Royi Namir - 1 year ago 95
C# Question

Diffie-Hellman Key Exchange - Clarification?

A Brief :

Alice and Bob is trying to communicate without wanting Eve (which is listening) to know what they are going to talk about.

So

``````               Bad Eve
|
|
Alice ------------+--------------- Bob
``````

Alice and Bob are publicly agree on a prime modulus and a generator.

Say

• Generator = 3

• Prime = 17

So the formula will be (for example) :

``````3^x % 17
``````

OK.

Alice is choosing a private number (say 15) and do
`3^15 %17 => 6`

Bob is choosing a private number (say 13) and do
`3^13 %17 => 12`

Now Alice and Bob tell each other their results (not their private keys) while Eve is listening.

So now the picture is :

``````                Bad Eve ( knows : 3^x %17 , 12,6)
|
|
Alice ------------+--------------- Bob
(15)private                       (13)private
12(Bob's)                        6(Eve's)
``````

Now Alice takes Bob's 12 and her private key and do :

``````((other's public num) ^ secret number) % 17
``````

Alice is doing :
`12^15 % 17 => 10`

Bob is doing :
`6^13 % 17 => 10`

So now they have the same symmetric number.

Now:

This is an example and it's easy to hack.

All Eve has to do is to try to find which
`x`
in
`3^x % 17`
would be
`15`
or
`13`
.

But Apparently we are talking about big numbers here.

If so - I wrote this demo :

``````Console.WriteLine(BigInteger.Pow( new BigInteger(3213213213212123332), 6549875) % 17);
``````

Which is :

``````3213213213212123332 ^ 6549875 % 17
``````

I have I7 with 16gb ram and this run over 5 min

Question :

If both sides ( Alice & Bob) uses big numbers , then it takes a very very long time for them to get a result for the first step ( which later they should exchange that value)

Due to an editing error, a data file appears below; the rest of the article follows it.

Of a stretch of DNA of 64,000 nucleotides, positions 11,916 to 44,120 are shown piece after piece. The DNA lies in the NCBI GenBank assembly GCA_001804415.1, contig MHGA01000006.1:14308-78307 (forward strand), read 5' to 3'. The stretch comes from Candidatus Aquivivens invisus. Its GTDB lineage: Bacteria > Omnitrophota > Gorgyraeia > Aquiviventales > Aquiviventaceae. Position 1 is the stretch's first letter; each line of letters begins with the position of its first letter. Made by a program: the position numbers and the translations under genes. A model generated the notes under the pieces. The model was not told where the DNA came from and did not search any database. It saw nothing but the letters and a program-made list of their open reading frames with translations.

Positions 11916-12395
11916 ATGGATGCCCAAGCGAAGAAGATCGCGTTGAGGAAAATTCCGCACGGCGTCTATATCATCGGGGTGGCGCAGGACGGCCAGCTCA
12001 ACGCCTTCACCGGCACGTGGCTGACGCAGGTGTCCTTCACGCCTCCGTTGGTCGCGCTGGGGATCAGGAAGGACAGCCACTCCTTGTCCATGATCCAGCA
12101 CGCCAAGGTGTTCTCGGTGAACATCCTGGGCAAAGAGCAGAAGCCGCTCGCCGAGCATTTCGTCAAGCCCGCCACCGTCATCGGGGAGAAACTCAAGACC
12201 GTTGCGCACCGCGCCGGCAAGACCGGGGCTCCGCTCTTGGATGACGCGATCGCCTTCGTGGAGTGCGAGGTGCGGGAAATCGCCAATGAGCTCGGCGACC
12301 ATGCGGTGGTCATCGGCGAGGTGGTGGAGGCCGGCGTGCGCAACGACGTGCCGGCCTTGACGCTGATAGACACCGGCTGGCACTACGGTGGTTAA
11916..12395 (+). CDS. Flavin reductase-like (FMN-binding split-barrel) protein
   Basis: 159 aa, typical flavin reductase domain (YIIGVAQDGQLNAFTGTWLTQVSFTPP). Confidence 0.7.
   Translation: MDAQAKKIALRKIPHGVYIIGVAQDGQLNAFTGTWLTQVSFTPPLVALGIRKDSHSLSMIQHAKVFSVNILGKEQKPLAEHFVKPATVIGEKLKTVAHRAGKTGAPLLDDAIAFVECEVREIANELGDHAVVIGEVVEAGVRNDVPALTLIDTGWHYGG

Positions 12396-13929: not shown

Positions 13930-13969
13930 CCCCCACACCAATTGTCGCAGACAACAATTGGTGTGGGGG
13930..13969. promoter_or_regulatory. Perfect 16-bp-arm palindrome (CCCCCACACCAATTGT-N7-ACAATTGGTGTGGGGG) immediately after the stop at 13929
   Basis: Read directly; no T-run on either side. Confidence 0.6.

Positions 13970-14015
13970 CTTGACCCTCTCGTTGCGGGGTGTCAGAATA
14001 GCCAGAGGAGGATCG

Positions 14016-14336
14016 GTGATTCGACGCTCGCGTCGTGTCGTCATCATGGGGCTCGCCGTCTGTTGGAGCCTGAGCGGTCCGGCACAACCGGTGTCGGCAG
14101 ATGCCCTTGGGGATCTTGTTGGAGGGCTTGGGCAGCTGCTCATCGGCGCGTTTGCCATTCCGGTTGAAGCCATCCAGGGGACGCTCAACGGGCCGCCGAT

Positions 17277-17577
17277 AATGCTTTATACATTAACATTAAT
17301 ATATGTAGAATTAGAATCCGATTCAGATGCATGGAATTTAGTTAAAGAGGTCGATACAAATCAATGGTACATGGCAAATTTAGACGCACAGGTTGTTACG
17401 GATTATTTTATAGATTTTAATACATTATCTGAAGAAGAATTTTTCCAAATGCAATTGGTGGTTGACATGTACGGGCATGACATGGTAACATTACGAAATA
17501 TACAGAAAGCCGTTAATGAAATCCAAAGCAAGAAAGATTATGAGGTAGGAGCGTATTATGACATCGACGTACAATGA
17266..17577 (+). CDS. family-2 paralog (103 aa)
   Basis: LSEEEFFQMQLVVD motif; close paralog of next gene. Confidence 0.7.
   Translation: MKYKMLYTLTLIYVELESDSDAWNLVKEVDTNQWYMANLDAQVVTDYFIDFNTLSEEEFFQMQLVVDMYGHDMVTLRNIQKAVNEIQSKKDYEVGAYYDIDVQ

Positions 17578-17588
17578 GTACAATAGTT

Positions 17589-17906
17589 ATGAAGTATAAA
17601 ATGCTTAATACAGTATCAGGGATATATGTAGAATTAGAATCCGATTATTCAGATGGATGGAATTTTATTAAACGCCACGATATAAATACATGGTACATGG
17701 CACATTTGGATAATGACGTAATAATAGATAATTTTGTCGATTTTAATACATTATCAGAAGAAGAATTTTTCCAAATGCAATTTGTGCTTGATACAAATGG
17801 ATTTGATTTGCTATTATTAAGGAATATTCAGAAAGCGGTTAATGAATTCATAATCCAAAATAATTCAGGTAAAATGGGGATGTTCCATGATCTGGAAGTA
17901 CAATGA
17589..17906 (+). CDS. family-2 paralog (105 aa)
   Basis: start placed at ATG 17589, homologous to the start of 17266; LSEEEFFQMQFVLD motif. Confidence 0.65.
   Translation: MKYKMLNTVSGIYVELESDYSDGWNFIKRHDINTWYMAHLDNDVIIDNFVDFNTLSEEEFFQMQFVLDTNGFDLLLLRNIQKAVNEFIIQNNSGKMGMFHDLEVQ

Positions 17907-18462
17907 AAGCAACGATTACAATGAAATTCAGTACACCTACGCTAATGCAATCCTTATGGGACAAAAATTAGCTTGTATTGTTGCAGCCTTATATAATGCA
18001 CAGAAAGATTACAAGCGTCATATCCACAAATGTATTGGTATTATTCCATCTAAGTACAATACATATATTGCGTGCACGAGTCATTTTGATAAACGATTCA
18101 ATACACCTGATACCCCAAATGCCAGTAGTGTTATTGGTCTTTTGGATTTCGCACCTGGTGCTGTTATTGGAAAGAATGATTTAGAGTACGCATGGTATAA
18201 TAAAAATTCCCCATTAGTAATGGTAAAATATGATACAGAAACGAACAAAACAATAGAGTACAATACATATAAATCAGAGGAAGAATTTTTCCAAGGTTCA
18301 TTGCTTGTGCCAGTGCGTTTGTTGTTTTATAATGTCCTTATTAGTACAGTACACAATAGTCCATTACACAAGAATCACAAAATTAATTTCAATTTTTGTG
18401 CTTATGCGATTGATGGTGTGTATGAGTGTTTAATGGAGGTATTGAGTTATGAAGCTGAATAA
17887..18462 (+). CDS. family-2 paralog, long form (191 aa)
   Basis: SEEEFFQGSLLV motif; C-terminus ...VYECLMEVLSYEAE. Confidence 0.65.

I might be missing something here but it seems that making Eve's life hard by using large numbers , also makes Alice's and Bob's lifes hard.

What am I missing?

The thing you're missing is called modular exponentiation. This is a fast method for calculating huge exponentials modulo some value.

For example, suppose you want to calculate (123^456) mod 777.

If you perform the exponentiation first, you'll get a result with about 1000 digits. For the sort of values typically used in DH key exchange, you could end up working with many more digits, possibly even millions. This is clearly not at all efficient.

Modular exponentiation breaks the problem down into much easier steps. There are two mathematical identities that make this possible:

1. (x^a) × (x^b) = x^(a+b), and
2. (x^y) mod n = ((x mod n)^y) mod n

Proof:

The first of these should be fairly self-evident. The second can be proved as follows:

If x mod n == z, then x is equal to (c×n + z) for some integer value of c. The binomial expansion of (c×n + z)^y has (y+1) terms

c^y×n^y + k1×c^(y-1)×n^(y-1).z + k2×c^(y-2)×n^(y-2)×z^2 + ... + k(y-1)c×n×z^(y-1) + z^y

(where k1 ... k(y-1) are binomial coefficients)

All of these terms except for the last one (z^y) are multiples of n, and are therefore equal to zero (mod n). Therefore (x^y) mod n == (z^y) mod n == ((x mod n)^y) mod n.

Modular exponentiation algorithm:

To calculate (x^y) mod n, repeatedly multiply x by itself to obtain the following sequence:

X0 = x mod n
X1 = X0×X0 mod n = x^2 mod n
X2 = X1×X1 mod n = x^4 mod n
X3 = X2×X2 mod n = x^8 mod n
X4 = X3×X3 mod n = x^16 mod n

Now multiply together the terms in this series that correspond to the set bits in the binary representation of y. For example, suppose y=21:

(x^21) mod n = ((x^16) × (x^4) × x) mod n = (X4 * X2 * X0) mod n

There are two advantages of doing the calculation this way. First, the largest number you will have to calculate will have at most twice as many digits as the modulus n. Second, the number of calculations you have to perform is proportional to the (base 2) logarithm of the exponent, which means the calculation will run millions of times faster for exponents like 6549875.

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